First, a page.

}
            Property::Boolean("is-live", ..) => {
                let settings = self.settings.lock().unwrap();
                Ok(settings.is_live.to_value())
            }
            _ => unimplemented!(),
        }
    }
}

// Virtual methods of gst::Element. We override none
impl ElementImpl<BaseSrc> for SineSrc { }

impl BaseSrcImpl<BaseSrc> for SineSrc {
    // Called when starting, so we can initialize all stream-related state to its defaults
    fn start(&self, element: &BaseSrc) -> bool {
        // Reset state
        *self.state.lock().unwrap() = Default::default();

        gst_info!(self.cat, obj: element, "Started");

        true
    }

    // Called when shutting down the element so we can release all stream-related state
    fn stop(&self, element: &BaseSrc) -> bool {
        // Reset state
        *self.state.lock().unwrap() = Default::default();

        gst_info!(self.cat, obj: element, "Stopped");

        true
    }
}

struct SineSrcStatic;

// The basic trait for registering the type: This returns a name for the type and registers the
// instance and class initializations functions with the type system, thus hooking everything
// together.
impl ImplTypeStatic<BaseSrc> for SineSrcStatic {
    fn get_name(&self) -> &str {
        "SineSrc"
    }

    fn new(&self, element: &BaseSrc) -> Box<BaseSrcImpl<BaseSrc>> {
        SineSrc::new(element)
    }

    fn class_init(&self, klass: &mut BaseSrcClass) {
        SineSrc::class_init(klass);
    }
}

// Registers the type for our element, and then registers in GStreamer under
// the name "sinesrc" for being able to instantiate it via e.g.
// gst::ElementFactory::make().
pub fn register(plugin: &gst::Plugin) {
    let type_ = register_type(SineSrcStatic);
    gst::Element::register(plugin, "rssinesrc", 0, type_);
}

If any of this needs explanation, please see the previous blog post and the comments in the code. The explanation for all the structs fields and what they’re good for will follow in the next sections.

With all of the above and a small addition to src/lib.rs this should compile now.

mod sinesrc;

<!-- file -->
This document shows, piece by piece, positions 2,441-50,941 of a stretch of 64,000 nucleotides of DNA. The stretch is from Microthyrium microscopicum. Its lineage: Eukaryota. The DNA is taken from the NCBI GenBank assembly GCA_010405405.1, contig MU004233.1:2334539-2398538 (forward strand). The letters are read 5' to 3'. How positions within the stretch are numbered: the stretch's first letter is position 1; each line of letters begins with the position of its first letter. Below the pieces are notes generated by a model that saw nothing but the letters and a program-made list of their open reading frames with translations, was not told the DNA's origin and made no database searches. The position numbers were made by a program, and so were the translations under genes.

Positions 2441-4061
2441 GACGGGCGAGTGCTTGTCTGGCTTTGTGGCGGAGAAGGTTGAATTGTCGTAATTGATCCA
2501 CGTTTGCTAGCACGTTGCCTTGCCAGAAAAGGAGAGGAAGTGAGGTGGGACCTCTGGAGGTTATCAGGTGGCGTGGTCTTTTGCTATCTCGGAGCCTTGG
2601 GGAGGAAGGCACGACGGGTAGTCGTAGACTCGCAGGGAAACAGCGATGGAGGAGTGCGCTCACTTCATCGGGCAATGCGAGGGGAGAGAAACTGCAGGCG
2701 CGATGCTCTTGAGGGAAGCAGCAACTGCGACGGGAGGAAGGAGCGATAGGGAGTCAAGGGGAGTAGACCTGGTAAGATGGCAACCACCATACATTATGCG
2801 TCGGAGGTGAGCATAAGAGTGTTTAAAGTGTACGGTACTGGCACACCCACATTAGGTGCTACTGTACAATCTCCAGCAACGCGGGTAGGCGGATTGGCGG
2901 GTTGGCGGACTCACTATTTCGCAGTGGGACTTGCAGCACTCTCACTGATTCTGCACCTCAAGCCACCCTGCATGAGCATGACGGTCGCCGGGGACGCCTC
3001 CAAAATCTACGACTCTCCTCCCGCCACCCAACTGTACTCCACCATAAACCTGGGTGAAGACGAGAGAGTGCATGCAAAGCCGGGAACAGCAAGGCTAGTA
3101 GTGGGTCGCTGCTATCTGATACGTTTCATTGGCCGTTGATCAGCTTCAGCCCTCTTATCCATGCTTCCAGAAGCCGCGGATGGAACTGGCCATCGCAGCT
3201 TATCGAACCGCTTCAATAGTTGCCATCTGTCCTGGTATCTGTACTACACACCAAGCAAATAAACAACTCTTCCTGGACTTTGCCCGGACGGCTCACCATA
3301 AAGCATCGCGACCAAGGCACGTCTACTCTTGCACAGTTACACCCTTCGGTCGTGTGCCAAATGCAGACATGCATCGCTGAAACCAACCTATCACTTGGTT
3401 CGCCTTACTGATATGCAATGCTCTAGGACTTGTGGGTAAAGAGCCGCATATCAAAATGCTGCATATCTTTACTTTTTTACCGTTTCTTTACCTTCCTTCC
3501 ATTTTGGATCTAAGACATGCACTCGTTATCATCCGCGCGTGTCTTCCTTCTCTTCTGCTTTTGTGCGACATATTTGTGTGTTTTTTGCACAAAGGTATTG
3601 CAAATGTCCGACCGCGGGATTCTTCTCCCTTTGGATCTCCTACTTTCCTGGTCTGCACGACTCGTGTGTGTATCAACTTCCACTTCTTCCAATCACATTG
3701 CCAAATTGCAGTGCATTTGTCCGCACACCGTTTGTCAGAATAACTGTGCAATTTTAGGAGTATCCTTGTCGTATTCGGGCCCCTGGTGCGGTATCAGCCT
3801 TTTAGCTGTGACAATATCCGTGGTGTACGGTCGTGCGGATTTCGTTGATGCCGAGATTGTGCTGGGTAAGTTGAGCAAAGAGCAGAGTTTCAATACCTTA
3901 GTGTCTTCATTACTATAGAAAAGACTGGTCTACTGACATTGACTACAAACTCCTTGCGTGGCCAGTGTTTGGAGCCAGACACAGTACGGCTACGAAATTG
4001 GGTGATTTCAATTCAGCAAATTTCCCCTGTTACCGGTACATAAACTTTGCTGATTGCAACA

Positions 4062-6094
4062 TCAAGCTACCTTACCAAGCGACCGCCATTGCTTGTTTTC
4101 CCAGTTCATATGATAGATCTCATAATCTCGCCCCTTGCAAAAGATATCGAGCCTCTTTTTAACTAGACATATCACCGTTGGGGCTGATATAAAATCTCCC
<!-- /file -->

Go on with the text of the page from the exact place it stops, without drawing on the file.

[...]

fn plugin_init(plugin: &gst::Plugin) -> bool {
    [...]
    sinesrc::register(plugin);
    true
}

Also a couple of new crates have to be added to Cargo.toml and src/lib.rs, but you best check the code in the repository for details.

Caps Negotiation

The first part that we have to implement, just like last time, is caps negotiation. We already notified the base class about any caps that we can potentially handle via the caps in the pad template in class_init but there are still two more steps of behaviour left that we have to implement.

First of all, we need to get notified whenever the caps that our source is configured for are changing. This will happen once in the very beginning and then whenever the pipeline topology or state changes and new caps would be more optimal for the new situation. This notification happens via the BaseTransform::set_caps virtual method.

    fn set_caps(&self, element: &BaseSrc, caps: &gst::CapsRef) -> bool {
        use std::f64::consts::PI;

        let info = match gst_audio::AudioInfo::from_caps(caps) {
            None => return false,
            Some(info) => info,
        };

        gst_debug!(self.cat, obj: element, "Configuring for caps {}", caps);

        element.set_blocksize(info.bpf() * (*self.settings.lock().unwrap()).samples_per_buffer);

        let settings = *self.settings.lock().unwrap();
        let mut state = self.state.lock().unwrap();

        // If we have no caps yet, any old sample_offset and sample_stop will be
        // in nanoseconds
        let old_rate = match state.info {
            Some(ref info) => info.rate() as u64,
            None => gst::SECOND_VAL,
        };

        // Update sample offset and accumulator based on the previous values and the
        // sample rate change, if any
        let old_sample_offset = state.sample_offset;
        let sample_offset = old_sample_offset
            .mul_div_floor(info.rate() as u64, old_rate)
            .unwrap();

        let old_sample_stop = state.sample_stop;
        let sample_stop =
            old_sample_stop.map(|v| v.mul_div_floor(info.rate() as u64, old_rate).unwrap());

        let accumulator =
            (sample_offset as f64).rem(2.0 * PI * (settings.freq as f64) / (info.rate() as f64));

        *state = State {
            info: Some(info),
            sample_offset: sample_offset,
            sample_stop: sample_stop,
            accumulator: accumulator,
        };

        drop(state);

        let _ = element.post_message(&gst::Message::new_latency().src(Some(element)).build());

        true
    }